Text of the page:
NEW YORK (AP) – Will Maslow, a former leader of the American Jewish Congress and a civil rights lawyer noted for his efforts on behalf of minorities, has died at age 99, a director of the organization said Monday.

Maslow died at his Manhattan home on Friday, said Belle Faber, director of development for the AJC.

“He was a towering figure who led a fantastic life,” Faber said.

Maslow, born in Kiev, Russia, on Sept. 23, 1907, moved to the United States in 1911, grew up in Chicago and attended Cornell University despite its restrictive admissions policies, an experience that influenced his commitment to civil rights causes.

While attending Columbia University law school he worked at The New York Times and as a model, and after a brief period in private law he became a counsel for the National Labor Relations Board.

Maslow devoted decades to challenging barriers to the rights of blacks, Jews and other minorities in employment, education and other fields. During World War II he headed a federal committee on employment practices, investigating discrimination in defense contracts.

At the American Jewish Congress, he founded a legal office called the Commission on Law and Social Action, modeled on the American Civil Liberties Union and the National Association for the Advancement of Colored People.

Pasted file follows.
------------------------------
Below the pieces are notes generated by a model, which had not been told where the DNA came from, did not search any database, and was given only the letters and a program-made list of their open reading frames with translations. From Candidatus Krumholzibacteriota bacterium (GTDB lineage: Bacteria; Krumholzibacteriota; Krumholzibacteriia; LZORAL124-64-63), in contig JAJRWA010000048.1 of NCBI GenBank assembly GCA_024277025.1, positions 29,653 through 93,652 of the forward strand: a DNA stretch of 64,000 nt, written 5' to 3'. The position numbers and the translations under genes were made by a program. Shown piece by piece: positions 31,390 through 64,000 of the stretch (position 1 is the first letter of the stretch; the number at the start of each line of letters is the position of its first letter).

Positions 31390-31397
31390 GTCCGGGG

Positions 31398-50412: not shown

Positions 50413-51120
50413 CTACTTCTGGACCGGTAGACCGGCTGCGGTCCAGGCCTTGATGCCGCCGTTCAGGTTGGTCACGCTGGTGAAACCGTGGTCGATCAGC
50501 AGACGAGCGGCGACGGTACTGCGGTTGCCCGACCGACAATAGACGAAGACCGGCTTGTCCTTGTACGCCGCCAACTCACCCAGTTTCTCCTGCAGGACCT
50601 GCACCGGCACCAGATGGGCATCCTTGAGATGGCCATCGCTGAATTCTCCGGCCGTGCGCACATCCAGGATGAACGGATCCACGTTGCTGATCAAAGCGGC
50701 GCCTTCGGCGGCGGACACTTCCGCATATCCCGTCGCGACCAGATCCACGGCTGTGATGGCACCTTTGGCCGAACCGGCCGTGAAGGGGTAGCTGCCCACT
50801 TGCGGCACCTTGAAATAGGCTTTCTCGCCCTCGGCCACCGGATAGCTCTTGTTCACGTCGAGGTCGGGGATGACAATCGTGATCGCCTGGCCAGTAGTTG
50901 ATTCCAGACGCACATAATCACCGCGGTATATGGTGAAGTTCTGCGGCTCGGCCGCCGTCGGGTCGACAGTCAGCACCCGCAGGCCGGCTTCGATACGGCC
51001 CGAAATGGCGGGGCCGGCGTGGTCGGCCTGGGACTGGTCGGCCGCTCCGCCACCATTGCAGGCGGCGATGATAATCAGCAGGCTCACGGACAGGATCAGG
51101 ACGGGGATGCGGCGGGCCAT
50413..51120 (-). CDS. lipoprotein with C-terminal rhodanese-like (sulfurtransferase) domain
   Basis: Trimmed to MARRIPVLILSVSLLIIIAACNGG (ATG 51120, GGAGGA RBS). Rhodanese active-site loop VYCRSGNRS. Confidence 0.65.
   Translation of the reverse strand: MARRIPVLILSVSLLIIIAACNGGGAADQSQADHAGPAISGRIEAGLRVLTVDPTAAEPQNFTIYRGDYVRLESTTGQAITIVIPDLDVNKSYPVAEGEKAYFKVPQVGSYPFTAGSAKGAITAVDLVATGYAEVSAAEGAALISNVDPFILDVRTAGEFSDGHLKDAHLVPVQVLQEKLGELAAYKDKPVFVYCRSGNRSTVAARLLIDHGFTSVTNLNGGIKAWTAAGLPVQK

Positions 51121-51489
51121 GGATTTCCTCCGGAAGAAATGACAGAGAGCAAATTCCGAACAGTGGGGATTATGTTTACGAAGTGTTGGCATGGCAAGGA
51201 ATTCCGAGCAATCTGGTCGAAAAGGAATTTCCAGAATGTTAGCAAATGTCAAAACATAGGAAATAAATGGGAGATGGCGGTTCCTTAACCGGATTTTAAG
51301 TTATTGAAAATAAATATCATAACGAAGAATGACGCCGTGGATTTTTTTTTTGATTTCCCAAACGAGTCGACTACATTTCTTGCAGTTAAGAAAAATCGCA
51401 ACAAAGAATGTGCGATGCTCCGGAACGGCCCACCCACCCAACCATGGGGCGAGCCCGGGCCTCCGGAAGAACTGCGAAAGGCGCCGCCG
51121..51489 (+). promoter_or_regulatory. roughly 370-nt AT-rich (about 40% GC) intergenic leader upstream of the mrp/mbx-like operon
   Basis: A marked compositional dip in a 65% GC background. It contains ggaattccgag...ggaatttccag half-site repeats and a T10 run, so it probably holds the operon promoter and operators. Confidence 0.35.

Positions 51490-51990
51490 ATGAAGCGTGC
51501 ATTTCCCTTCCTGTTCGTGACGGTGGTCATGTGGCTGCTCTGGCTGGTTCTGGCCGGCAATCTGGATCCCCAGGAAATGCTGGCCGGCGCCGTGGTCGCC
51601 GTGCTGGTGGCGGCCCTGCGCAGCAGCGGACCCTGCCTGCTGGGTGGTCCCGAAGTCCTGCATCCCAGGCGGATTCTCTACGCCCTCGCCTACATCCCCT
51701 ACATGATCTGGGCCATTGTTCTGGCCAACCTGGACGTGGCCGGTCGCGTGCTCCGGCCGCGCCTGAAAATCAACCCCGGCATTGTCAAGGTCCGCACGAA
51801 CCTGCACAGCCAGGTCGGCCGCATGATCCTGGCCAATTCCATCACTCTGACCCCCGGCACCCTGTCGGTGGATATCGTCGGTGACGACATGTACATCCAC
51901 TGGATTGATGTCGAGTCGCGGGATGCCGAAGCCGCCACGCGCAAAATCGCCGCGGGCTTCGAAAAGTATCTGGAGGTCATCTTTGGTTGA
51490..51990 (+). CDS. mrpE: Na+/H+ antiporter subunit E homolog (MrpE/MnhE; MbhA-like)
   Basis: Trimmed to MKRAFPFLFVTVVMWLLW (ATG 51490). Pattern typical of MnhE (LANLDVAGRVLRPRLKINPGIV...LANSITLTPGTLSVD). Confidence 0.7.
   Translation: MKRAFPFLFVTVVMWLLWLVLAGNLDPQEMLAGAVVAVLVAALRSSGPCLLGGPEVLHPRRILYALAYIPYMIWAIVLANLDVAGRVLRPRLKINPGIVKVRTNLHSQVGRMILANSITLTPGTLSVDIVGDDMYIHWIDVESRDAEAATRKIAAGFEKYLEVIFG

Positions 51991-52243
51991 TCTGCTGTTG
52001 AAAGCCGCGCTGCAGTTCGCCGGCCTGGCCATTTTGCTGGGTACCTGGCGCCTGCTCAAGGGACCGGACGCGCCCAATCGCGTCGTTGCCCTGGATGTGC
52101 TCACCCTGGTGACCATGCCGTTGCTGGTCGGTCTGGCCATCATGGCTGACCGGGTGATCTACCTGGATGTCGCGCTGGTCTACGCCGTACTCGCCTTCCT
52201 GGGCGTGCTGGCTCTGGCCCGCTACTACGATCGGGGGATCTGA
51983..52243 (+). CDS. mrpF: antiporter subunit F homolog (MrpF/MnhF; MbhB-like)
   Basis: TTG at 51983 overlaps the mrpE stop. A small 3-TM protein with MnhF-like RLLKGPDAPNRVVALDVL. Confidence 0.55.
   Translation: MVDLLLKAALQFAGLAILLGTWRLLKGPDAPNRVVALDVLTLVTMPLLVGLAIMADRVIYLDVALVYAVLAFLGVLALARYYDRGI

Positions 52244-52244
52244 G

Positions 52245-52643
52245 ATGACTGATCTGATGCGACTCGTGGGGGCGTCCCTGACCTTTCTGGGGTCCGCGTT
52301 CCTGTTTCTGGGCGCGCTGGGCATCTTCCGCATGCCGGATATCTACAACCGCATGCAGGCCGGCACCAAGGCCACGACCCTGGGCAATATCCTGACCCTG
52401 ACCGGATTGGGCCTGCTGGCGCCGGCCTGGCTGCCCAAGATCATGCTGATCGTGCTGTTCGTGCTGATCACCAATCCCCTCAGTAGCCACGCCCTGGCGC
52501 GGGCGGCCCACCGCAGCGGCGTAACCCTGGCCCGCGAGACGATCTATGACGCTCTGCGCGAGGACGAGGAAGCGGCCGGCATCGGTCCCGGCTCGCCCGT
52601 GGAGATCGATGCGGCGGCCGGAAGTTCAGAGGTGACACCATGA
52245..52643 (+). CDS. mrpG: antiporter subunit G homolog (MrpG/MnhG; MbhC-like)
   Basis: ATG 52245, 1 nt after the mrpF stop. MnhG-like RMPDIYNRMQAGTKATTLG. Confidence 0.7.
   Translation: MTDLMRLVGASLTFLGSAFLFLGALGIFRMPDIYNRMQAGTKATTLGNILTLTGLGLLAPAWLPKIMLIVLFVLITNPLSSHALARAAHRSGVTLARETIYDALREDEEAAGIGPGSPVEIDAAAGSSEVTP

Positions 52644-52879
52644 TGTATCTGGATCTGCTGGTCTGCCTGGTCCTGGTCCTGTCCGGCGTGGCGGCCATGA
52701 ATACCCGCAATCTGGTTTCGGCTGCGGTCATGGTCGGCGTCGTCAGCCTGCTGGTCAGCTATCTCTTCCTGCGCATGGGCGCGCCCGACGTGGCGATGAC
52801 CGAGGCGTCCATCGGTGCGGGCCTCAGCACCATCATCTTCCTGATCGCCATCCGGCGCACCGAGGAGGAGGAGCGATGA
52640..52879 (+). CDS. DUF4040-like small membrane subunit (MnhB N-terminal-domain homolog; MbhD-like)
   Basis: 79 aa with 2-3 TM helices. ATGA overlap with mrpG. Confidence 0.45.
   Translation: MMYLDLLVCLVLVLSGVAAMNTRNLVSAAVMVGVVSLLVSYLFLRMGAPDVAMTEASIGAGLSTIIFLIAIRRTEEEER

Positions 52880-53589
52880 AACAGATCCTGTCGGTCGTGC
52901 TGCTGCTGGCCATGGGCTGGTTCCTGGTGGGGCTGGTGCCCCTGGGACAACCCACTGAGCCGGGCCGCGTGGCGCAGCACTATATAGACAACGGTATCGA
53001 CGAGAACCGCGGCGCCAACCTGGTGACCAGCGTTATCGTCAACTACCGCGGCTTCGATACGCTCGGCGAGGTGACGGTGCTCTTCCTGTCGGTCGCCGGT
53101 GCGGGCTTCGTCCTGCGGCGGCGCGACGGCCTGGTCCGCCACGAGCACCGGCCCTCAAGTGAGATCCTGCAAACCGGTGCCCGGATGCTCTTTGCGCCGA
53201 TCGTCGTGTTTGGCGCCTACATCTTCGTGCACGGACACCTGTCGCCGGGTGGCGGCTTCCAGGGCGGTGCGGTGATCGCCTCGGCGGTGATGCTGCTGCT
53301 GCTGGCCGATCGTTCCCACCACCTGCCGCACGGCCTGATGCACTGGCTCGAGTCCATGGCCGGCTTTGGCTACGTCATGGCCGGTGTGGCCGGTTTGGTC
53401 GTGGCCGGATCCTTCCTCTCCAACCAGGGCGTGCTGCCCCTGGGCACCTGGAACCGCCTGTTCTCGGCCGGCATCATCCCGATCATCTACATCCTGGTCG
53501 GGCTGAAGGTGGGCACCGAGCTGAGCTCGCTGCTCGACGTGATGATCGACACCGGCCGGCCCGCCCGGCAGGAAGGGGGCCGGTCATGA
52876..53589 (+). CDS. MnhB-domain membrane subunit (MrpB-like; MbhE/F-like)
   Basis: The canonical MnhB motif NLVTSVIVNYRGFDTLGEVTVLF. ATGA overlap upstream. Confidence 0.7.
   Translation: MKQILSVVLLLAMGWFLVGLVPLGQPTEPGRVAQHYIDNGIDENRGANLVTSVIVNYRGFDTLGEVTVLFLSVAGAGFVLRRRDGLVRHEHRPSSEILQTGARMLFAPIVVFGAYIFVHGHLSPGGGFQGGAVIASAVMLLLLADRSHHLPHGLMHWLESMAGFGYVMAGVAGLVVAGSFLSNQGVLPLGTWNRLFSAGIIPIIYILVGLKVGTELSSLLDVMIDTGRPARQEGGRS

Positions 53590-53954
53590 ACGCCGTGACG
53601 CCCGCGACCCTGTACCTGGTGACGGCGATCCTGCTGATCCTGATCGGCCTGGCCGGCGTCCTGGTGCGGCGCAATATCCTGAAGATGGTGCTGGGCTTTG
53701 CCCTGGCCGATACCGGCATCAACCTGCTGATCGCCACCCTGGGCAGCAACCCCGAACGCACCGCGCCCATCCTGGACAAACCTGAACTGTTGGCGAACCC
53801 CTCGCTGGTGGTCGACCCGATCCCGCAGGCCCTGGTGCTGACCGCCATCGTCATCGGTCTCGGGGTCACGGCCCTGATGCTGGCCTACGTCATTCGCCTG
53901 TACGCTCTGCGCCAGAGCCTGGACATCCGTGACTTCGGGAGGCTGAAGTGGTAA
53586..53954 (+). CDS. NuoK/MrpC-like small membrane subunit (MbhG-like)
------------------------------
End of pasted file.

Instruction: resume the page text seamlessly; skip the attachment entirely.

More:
Through Maslow, the AJC became known for an aggressive legal approach, with noteworthy campaigns against a Manhattan university’s restrictive admissions quotas, racial bias at a Manhattan housing complex and job discrimination against blacks at a major Queens retail store.

He filed a friend-of-the-court brief in the Little Rock school discrimination case in the 1950s and helped organize Dr. Martin Luther King Jr.’s 1968 civil rights march on Washington, D.C.

He was named executive director of the AJC in 1960 and served 12 years in that role, then continued as its general counsel into the 1980s.

In 1966, he quit the Congress of Racial Equality over an anti-Semitic remark by a CORE official.

Maslow, a nephew of Paula Ben-Gurion, wife of Israel’s founding prime minister, was a dedicated Zionist and helped lead the Jewish state’s fight against an Arab boycott in the 1970s.

He is survived by his wife and two daughters. No funeral was planned, but a memorial will be held, Faber said.


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